"If you read the book cover to cover, you'll know why," Francona added. "There were plenty of good things that happened in Boston that we wrote about. There's context. What's in Sports Illustrated isn't the whole story."
The book is titled "Francona: The Red Sox Years" and was co-authored by Francona and Dan Shaughnessy, who is a columnist at the Globe. It will be released next week. When team chairman Werner was asked about the excerpt via email, he responded, "We had unbelievable success together for many years, and now our focus is on 2013." Henry and Lucchino have not yet commented.
According to the excerpt, in June 2010, as Francona tried to hold together a roster that had lost several key players due to injury, he was called upstairs to meet with ownership.
According to the excerpt, owner John Henry, president/CEO Larry Lucchino and Werner all voiced different forms of criticism.
Werner reportedly added, "We need to start winning in more exciting fashion."
Shaughnessy wrote, "That did it. Francona started to get up out of his chair but [general manager Theo] Epstein grabbed his knee. 'A good move by Theo,' Francona said later. 'When Tom started talking about ratings, Theo knew I was getting ready to flare.'"
The 2010 Red Sox, viewed by many as overachievers after winning 89 games despite being ravaged by injuries, missed the postseason, starting a current streak of three straight years the team hasn't played meaningful games in October.
At least according to the excerpts, Francona won't be pulling any punches when it comes to his former bosses.
"Our owners in Boston, they've been owners for 10 years," Francona said in the last paragraph of SI's excerpt. "They come in with all these ideas about baseball, but I don't think they love baseball. I think they like baseball. It's revenue, and I know that's their right and their interest because they're owners -- and they're good owners. But they don't love the game. It's still more of a toy or a hobby for them. It's not their blood. They're going to come in and out of baseball. It's different for me. Baseball is my life."
What is in Sports Illustrated deals largely with a difference in vision between ownership, Epstein and Francona.
Declining ratings on NESN led the Red Sox to do a market study in 2010 to determine why the team was losing popularity. There was a meeting on Nov. 2, 2010, to discuss results of the study. Epstein participated.
"They told us we didn't have any marketable players, that we needed some sizzle," Epstein told Shaughnessy in the excerpt. "We need some sexy guys. Talk about the tail wagging the dog. This is like an absurdist comedy. We'd become too big. It was the farthest thing removed from what we set out to be."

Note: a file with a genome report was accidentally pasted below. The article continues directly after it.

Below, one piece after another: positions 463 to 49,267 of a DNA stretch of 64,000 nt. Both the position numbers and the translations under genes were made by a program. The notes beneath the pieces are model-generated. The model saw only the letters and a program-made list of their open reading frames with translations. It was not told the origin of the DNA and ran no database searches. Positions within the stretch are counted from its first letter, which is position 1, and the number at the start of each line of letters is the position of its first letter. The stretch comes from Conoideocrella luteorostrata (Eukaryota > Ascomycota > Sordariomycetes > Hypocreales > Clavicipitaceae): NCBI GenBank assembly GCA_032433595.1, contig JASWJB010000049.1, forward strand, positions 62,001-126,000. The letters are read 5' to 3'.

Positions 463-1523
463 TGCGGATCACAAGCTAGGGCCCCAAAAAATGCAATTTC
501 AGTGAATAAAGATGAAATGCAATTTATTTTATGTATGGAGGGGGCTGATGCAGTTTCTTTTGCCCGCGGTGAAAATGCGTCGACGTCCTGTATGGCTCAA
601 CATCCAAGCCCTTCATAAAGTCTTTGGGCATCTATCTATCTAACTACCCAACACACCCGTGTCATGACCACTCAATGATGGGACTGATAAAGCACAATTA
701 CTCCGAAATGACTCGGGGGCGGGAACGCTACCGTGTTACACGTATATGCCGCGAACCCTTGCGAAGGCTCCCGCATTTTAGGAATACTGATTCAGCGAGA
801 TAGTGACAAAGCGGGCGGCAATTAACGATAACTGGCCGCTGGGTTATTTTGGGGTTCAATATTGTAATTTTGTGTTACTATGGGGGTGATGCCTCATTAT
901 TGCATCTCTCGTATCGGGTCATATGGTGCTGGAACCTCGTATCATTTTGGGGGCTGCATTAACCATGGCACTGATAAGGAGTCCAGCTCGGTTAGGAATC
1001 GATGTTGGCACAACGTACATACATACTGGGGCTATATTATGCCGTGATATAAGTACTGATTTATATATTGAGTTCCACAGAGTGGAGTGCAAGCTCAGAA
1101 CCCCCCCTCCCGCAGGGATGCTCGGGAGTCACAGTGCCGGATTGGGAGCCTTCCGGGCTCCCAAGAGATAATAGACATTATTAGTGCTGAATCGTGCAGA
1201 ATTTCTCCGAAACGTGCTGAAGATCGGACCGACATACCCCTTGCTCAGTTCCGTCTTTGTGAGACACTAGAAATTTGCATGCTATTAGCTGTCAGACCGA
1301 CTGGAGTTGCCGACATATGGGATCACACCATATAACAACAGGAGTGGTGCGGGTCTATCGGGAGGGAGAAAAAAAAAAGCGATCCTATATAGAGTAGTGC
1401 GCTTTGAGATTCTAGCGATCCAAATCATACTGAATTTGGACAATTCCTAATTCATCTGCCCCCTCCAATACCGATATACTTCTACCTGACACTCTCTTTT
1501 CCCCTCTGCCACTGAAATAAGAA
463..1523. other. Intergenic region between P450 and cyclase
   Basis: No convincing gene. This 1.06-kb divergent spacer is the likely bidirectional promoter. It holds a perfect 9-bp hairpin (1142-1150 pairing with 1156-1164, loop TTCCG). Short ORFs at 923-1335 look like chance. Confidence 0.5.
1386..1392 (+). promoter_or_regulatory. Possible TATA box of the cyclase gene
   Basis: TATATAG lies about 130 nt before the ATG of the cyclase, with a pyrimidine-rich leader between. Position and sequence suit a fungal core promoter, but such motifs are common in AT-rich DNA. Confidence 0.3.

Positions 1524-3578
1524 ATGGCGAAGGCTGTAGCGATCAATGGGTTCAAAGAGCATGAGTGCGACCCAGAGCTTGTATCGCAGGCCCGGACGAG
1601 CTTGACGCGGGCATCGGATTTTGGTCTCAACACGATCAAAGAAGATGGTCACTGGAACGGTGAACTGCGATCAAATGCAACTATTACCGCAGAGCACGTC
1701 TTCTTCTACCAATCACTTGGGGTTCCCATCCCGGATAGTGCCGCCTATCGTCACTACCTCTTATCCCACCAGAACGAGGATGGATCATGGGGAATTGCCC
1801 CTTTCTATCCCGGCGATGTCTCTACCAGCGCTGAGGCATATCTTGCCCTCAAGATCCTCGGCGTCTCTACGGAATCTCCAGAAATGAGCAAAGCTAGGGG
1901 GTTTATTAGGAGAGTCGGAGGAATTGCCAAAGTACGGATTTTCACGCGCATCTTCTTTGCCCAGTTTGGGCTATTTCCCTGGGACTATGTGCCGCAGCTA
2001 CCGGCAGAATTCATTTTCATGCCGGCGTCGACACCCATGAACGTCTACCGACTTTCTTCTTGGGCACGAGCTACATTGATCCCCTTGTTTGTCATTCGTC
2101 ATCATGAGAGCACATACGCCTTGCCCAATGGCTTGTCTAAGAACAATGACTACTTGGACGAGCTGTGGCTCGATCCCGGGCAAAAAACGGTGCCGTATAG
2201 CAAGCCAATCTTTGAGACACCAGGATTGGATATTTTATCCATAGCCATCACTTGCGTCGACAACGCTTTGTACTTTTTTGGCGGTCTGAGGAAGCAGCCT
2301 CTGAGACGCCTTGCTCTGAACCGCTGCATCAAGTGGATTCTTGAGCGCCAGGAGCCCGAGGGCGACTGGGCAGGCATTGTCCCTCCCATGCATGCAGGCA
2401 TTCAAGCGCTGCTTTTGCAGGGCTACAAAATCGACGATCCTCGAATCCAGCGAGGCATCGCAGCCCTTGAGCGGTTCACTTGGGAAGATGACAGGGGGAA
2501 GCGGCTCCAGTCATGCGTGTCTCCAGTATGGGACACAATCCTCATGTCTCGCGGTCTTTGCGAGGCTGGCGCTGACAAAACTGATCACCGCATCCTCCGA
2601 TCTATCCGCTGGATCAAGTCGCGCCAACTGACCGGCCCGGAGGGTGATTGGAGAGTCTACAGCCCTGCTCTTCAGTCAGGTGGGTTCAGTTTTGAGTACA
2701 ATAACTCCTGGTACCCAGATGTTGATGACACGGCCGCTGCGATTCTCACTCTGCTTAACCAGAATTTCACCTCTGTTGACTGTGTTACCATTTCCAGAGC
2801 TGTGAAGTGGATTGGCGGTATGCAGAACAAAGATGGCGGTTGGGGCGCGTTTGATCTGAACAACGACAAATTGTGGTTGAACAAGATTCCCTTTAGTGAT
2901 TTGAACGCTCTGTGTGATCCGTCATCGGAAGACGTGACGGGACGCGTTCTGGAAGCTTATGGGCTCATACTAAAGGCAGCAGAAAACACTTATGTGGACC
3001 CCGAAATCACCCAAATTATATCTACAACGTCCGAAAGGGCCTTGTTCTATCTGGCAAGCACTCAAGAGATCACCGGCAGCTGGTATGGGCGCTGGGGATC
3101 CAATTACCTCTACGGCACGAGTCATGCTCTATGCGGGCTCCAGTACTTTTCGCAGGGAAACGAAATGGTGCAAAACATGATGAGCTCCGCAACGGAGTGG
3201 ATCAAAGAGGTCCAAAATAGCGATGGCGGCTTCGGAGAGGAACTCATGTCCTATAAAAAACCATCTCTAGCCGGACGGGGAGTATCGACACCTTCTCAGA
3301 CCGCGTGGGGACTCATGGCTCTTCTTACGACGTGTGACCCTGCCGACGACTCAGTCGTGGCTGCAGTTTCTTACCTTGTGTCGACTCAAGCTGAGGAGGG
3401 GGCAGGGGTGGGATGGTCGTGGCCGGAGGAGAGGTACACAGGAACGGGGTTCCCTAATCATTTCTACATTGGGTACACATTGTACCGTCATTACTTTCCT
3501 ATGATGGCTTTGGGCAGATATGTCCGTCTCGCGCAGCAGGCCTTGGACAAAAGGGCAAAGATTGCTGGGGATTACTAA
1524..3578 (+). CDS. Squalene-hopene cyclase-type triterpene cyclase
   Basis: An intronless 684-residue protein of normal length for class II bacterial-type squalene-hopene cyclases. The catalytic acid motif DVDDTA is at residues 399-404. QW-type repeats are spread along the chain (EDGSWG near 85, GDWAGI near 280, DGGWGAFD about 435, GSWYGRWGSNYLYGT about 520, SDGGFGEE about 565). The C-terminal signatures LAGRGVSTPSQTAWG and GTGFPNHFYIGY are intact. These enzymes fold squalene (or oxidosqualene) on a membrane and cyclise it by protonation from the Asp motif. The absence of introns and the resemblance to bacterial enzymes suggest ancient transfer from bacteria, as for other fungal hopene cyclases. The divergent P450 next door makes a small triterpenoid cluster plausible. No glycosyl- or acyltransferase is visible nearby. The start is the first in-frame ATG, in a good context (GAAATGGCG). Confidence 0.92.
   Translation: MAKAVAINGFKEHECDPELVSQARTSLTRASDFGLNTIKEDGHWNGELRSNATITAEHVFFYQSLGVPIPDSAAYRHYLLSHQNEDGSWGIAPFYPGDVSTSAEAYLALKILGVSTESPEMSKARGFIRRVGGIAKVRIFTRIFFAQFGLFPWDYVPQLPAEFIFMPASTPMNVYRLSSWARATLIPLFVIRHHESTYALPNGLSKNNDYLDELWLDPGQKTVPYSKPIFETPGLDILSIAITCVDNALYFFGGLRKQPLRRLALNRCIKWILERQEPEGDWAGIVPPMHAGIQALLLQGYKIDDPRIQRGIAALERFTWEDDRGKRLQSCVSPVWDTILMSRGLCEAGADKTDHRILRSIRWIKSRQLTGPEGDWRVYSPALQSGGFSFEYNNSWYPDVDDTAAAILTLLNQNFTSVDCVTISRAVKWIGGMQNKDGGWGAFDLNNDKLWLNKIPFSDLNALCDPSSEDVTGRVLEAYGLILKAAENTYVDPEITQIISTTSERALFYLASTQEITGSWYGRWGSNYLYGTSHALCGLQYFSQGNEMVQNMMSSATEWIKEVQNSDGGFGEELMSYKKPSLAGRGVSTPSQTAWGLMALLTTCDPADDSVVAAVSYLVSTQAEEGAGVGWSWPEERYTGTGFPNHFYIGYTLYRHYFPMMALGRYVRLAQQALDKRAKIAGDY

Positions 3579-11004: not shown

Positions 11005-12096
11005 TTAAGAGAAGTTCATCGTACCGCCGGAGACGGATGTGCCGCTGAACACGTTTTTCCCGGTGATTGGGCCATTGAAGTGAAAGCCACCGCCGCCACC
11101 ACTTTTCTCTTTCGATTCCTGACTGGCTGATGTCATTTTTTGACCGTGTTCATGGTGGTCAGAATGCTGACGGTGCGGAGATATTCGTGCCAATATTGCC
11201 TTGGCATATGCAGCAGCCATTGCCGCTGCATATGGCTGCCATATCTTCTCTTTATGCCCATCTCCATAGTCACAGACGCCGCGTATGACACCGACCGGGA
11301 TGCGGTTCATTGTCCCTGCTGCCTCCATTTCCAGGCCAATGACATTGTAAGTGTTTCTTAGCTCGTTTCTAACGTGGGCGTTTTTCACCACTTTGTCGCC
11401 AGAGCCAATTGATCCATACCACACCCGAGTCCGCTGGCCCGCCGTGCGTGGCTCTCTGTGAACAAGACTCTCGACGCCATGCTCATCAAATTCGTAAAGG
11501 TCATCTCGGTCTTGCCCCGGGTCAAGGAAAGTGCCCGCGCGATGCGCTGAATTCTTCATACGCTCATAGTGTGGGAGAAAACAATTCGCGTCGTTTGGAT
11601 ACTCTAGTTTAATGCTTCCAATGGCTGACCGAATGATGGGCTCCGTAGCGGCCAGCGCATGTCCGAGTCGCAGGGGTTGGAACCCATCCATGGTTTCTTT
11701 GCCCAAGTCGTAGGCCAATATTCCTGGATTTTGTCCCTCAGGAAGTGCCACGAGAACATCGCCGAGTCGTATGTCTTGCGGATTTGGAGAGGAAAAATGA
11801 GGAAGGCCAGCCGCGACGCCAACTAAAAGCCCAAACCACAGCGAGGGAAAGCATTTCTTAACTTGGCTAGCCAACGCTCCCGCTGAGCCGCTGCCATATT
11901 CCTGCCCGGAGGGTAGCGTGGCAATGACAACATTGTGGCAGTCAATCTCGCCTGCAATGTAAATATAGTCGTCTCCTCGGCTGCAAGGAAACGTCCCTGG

That winter, the Red Sox wound up shelling out big money to trade for Adrian Gonzalez and to sign Carl Crawford. By August 2012, the badly underachieving Red Sox traded both players in a blockbuster to the Dodgers, perhaps an admission that the "sexy players approach" didn't work.
Francona, after spending the 2012 season as an ESPN broadcaster, is now the manager of the Cleveland Indians. Epstein is president of baseball operations for the Chicago Cubs.
The duo combined to steer the Red Sox to their first two World Series championships since 1918.
After the collapse of 2011, when the Red Sox became the first team in history to blow a nine-game lead in September, it was announced that Francona wouldn't return to the ballclub.
The Sox had two options years they could have exercised on Francona. While it was described as a mutual decision at the time, Francona has a strong belief that ownership had no interest in bringing him back.
The sides met two days after the season ended.
Francona told the owners, "If you don't know what you are doing about me, why am I here? This is a silly meeting. If you don't want me, just tell me."
According to the book, Lucchino countered, "We want you to wait and think about it. Take the weekend. Sleep on it. See how you feel."
Werner is quoted by Shaughnessy in the book as saying the Red Sox had not come to a conclusion about whether to bring back Francona.
Ultimately, Francona took the decision out of their hands by declining Lucchino's invitation to take the weekend to think about it. If the owners weren't sure they wanted him back, Francona was sure he didn't want to come back.
The 368-page book, published by Houghton Mifflin Harcourt, will come out Tuesday.